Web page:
Ropeway Ramblings


During the recent festival celebrations, we decided to take the ropeway route to make our journey across the two banks of the Brahmaputra. Due to COVID 19 pandemic, every location was under the spell of lockdown and closure. Tourism that way in Guwahati really got disrupted.

We are a bunch of working women with very hard earned holidays and off days. If not work we get entangled by family and community obligations which doesn’t give us enough time to look around the city. We decided to go out together with our friends. Four of us from diverse age and livelihood backgrounds wished to get onto the ropeway. Once we reached the Panbazar Kachari bank of the ropeway, we saw very long queues of people. People with family, friends, children, elders all came out to enjoy Guwahati’s very own Ropeway. Before coming we read about various inhibitions regarding the Ropeway. Most importantly some technical faults which disrupted the newly built ropeway. Our hearts sank but on enquiry and actual witnessing we figured out that everything was functioning properly. The cubicle of the ropeway could accommodate at most 32 people in one journey across the river. As of now due to weight variation the authorities were accommodating 25 people at one go. One way journey per person costed Rs.60 and both ways was Rs.120. If one comes before 12.30pm, they can buy both way tickets. But since we were in the queue for almost 2 hours we could buy only one way ticket. Social distancing was at risk people stood in very close proximity in the outside queues and inside the cubicles as there was no space. There was no hand wash or temperature check facility before entering the ticket counter or near the cubicle. Even the lifts which took us upto the ropeway departure point could accommodate 6 persons at most. People simply thronged into those lifts.

Once we were inside the cubicle and embarked on our journey, the view from the ropeway cubicle was spectacular across the Brahmaputra. The Umananda temple island really stood out from above. The view of Guwahati city from above was fascinating and definitely remains an oasis amidst the COVID fears and the crammed cubicle. Space to sit and hold needs to be improved inside the cubicles for elderly and differently abled persons. Sanitizers, drinking water facilities and emergency evacuation measures needs to be placed for people to feel fully safe. Ropeway can be enjoyed during the winters and spring season only in Guwahati. Summers and monsoons might be challenging for many people. It is indeed a welcome change for the Guwahatians to be occupied during free time beyond the malls, movie halls and food joints. But food stalls within and around the premises in both the banks would help people to enjoy the view more without littering much. Right now limited stalls are available at the north bank with huge amount of plastic and paper littering tucked inside the thick green covers surrounding the eateries. Gateway to the Northeast Guwahati can now boast of its own state in craft ropeway which could encourage educational institutions to demonstration practical exposure to students of physics. This is an example of mechanical engineering too. Such exposures would definitely inspire young people to build their understanding on technology innovation and also explore about the sustainability of such projects.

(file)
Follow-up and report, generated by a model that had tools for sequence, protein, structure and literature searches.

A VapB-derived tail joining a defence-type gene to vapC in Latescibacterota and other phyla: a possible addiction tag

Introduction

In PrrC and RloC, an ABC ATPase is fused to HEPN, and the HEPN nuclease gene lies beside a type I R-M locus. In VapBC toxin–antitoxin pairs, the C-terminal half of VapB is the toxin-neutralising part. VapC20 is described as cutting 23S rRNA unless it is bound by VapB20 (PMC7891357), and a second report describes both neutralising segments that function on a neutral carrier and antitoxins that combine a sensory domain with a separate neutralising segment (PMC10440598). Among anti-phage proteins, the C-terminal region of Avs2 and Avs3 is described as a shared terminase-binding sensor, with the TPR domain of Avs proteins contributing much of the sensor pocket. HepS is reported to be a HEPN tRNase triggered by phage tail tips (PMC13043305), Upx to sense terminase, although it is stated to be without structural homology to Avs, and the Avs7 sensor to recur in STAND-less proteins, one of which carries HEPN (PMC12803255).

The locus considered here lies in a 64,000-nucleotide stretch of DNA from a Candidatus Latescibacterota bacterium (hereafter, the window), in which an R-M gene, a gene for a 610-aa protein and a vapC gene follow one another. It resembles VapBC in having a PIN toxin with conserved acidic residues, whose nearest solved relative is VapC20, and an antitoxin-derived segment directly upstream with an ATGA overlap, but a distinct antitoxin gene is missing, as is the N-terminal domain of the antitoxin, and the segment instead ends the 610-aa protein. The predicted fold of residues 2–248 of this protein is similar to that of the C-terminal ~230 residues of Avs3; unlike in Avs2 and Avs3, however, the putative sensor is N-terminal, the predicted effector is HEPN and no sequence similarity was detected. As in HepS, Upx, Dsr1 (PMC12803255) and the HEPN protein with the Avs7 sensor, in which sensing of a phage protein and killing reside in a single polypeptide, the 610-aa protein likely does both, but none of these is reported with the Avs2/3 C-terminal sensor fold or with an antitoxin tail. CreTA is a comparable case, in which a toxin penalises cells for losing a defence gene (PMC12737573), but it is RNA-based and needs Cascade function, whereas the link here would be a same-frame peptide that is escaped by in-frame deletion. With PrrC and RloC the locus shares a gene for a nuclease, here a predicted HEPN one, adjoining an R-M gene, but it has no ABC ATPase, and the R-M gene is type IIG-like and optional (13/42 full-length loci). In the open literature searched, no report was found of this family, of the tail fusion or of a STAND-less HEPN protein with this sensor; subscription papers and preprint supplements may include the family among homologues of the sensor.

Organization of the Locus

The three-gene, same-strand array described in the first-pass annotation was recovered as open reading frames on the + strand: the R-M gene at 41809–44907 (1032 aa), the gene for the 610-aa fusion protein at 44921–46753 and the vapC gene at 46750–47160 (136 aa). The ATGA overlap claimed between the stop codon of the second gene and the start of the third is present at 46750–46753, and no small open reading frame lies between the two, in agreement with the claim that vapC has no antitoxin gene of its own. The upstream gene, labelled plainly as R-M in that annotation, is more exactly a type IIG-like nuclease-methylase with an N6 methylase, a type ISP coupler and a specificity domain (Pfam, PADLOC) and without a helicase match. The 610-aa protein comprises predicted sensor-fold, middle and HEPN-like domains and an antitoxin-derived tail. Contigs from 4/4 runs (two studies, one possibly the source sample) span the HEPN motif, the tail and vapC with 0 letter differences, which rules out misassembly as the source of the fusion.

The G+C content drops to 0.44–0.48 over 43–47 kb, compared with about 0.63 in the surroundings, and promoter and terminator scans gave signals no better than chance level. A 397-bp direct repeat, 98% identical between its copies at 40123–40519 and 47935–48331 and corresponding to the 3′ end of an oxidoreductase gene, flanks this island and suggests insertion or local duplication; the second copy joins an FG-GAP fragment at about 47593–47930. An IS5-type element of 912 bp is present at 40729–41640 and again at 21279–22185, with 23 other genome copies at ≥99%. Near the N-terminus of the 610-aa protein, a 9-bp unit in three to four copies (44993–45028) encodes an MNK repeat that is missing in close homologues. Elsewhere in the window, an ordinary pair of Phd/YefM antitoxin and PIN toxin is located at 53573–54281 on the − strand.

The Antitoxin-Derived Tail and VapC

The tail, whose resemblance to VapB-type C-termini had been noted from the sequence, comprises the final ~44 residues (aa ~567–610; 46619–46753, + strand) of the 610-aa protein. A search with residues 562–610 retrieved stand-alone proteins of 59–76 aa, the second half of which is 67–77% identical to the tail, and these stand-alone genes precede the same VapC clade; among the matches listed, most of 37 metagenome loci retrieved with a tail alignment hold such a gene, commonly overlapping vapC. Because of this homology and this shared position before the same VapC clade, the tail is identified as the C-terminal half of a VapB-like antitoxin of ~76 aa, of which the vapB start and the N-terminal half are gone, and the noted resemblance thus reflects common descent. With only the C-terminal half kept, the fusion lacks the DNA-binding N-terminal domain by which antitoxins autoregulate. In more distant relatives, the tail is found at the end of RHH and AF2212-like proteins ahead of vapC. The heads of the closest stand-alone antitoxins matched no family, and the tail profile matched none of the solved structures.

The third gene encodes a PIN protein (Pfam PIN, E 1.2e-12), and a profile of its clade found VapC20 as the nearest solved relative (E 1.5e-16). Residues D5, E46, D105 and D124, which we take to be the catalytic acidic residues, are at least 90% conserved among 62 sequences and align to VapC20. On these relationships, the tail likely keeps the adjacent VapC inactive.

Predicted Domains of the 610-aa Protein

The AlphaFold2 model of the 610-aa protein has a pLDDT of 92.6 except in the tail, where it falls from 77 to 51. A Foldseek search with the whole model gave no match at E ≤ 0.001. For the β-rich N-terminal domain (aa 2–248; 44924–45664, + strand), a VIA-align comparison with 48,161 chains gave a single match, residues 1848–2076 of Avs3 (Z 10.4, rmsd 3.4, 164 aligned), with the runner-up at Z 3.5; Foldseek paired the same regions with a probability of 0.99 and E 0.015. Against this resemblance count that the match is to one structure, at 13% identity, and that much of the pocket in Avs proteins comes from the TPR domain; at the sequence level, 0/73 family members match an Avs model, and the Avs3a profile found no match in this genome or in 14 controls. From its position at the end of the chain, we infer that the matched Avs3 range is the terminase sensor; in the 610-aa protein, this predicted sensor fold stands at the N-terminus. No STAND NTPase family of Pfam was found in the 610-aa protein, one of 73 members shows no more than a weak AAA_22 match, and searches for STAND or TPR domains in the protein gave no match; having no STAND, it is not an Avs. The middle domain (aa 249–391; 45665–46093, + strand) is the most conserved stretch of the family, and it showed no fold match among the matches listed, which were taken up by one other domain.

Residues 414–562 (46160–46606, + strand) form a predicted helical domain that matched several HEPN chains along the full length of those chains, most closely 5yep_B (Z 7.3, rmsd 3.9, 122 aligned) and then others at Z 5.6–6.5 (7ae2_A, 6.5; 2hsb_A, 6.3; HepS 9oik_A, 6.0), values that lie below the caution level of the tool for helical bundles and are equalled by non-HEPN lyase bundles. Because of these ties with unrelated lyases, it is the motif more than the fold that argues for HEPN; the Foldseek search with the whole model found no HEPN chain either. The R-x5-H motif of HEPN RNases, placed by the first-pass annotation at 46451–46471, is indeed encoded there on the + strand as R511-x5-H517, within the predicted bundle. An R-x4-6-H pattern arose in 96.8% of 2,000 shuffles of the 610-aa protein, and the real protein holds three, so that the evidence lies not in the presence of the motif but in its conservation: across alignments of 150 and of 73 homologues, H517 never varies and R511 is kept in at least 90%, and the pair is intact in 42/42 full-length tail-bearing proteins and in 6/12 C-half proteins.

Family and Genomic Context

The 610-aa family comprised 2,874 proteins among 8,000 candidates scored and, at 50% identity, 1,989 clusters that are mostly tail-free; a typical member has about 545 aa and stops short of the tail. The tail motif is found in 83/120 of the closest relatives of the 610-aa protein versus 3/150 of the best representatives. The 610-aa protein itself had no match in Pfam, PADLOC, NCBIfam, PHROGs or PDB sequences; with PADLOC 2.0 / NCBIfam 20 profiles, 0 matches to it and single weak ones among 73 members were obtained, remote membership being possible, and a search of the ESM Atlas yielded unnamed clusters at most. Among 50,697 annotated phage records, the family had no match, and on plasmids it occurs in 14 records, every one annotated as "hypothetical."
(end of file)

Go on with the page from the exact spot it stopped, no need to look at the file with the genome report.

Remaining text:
Ropeway infrastructure runs with a team of dedicated professional staff. Infact people who used to run boats earlier across the Brahmaputra have now become in-house staff to manage the crowd and check the smooth movement of passengers on both the banks. Staff uniforms make the team distinct and enables them to identify each other when the crowd increases. In the post COVID times, people from across the North eastern states are expected to come and enjoy the ropeway ride. In such situation, language support, adequate signage in all three languages and comfortable waiting lounges will be very important. The future holds a lot of promises but there needs to be strict vigilance of public menace, abuse and molestation of women, queer persons, elders, disabled persons and children in these spaces. Unsupervised children without guardians below 12 years need not use the Ropeway services. Hope more sustainable energy sources are found to  sustain these new modes of transport and tourism which can address diverse forms for livelihoods across different genders. 

In fact gliding, parasailing, hiking, trekking, camping, boating and water skiing could be also added to the ropeway experience with adequate guidance and safety measures for the adventure spirits of Guwahatians. Such adventure sports and tourism might generate both revenue, sustain livelihoods and engage in new avenues in a post COVID scenario. 

(Pic courtesy:

Samhita Barooah

Samhita Barooah

Dr. Samhita Barooah
 is Educator and QueerUp Founder